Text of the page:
by FP Staff Nov 15, 2012 12:15 IST
While the government is scrambling for ways to increase its revenue from 2G spectrum after the failure of the auction, investors in telecom company shares are rejoicing.
Shares of Bharti Airtel, Idea Cellular and Videocon Industries, however, rose up to 3.5 percent after telecom spectrum auction failed to evoke the expected response from the players.
The auctions, which got over on just the second day of bidding, may generate less than a fourth of the revenue target initially set by the government, a Firstpost article had noted.
According to reports, the auctions would generate only about Rs 9,400 crore in revenues for the government as against its initial target of Rs 40,000 crore.
The Mumbai, Delhi, Karnataka, and Rajasthan circles attracted no bidders. These circles account for 51 percent of the reserve price, said brokerage Goldman Sachs. The only circle for which the bids had exceeded the reserve price was Bihar.
The GSM lobby group Cellular Operators Association of India (COAI) had given three reasons for the failure of the auction: artificially high reserve price of Rs 14,000 crore for 5 mhz of spectrum; participation in auctions by only those telcos which had lost licences and were compelled to win back spectrum to stay in business; and creation of artificial scarcity by the government since it did not put up all available spectrum for auctions.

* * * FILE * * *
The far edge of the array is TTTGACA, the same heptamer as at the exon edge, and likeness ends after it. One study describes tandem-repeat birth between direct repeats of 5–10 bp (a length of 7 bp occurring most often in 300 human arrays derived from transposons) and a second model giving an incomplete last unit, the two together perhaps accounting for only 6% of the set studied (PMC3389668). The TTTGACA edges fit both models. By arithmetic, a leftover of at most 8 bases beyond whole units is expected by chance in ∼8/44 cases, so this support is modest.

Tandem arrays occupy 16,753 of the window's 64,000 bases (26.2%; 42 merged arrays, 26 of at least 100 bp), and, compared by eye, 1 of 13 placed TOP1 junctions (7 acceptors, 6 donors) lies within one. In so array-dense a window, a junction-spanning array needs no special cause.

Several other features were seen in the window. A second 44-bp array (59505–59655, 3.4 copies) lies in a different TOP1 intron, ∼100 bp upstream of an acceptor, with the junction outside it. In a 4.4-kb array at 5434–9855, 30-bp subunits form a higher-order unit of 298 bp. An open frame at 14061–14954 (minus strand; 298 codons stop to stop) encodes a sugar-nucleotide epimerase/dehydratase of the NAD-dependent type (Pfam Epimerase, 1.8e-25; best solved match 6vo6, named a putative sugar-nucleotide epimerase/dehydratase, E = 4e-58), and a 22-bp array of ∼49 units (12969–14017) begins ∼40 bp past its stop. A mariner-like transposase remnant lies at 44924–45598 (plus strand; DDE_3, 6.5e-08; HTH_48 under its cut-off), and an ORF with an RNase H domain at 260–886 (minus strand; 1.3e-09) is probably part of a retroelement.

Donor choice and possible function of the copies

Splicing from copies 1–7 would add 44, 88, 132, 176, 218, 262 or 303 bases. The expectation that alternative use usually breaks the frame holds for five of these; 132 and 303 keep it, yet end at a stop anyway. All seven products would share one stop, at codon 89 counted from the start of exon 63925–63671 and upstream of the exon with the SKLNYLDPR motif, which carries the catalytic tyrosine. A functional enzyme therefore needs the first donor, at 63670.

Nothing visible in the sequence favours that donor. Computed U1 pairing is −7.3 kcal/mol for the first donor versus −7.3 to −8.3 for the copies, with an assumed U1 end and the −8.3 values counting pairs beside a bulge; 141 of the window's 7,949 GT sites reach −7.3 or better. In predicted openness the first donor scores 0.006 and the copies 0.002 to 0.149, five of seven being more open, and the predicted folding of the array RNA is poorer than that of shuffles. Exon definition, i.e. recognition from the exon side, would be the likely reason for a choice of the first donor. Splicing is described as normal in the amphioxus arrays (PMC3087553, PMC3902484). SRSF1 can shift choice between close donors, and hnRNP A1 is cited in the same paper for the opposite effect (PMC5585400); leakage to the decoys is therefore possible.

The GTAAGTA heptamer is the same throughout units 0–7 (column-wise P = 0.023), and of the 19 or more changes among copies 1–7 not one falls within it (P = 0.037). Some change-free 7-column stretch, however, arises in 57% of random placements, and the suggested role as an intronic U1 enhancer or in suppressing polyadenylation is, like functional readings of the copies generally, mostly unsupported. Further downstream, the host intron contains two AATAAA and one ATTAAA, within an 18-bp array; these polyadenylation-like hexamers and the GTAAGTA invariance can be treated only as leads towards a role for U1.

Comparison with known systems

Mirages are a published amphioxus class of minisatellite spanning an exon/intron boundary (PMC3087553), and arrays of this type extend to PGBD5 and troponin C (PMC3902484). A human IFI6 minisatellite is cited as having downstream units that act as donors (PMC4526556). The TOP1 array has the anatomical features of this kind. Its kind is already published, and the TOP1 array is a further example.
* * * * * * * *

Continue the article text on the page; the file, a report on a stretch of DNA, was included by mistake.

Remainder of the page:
The auction revenue is important for the government as it is now running against time to rein in fiscal deficit at the targeted 5.3 percent of GDP. A miss in this target, which has now become a clear and present danger, is sure to result in a sovereign rating downgrade by rating agencies.
Why is this pain resulting in a gain in telecom shares?
Because investors expect this will force the government to scale down the high reserve price.
CNBC TV18 yesterday reported that the department of telecom is expected to make a fresh reference to sector regulator Trai on the contentious spectrum pricing, which has been blamed for the flop show of the auction.
"We believe an unsuccessful 2G auction shows that there is limited demand for spectrum at high prices. We believe the government will likely reduce the reserve price in circles where there was not even a single bid," said the Goldman Sachs research report.
"Since the winning price of this auction will be linked to renewal spectrum price and for onetime charge, we now see downside risks to potential regulatory payments for incumbents like Bharti/Idea," it said.
It sees limited demand for the refarming of spectrum in the 900 MHz band.
The brokerage has a buy rating on Idea.
"There was probably a degree of collusion or prior agreement among the big players that they will not bid seriously. This needs to be investigated," a Firstpost article had earlier noted.
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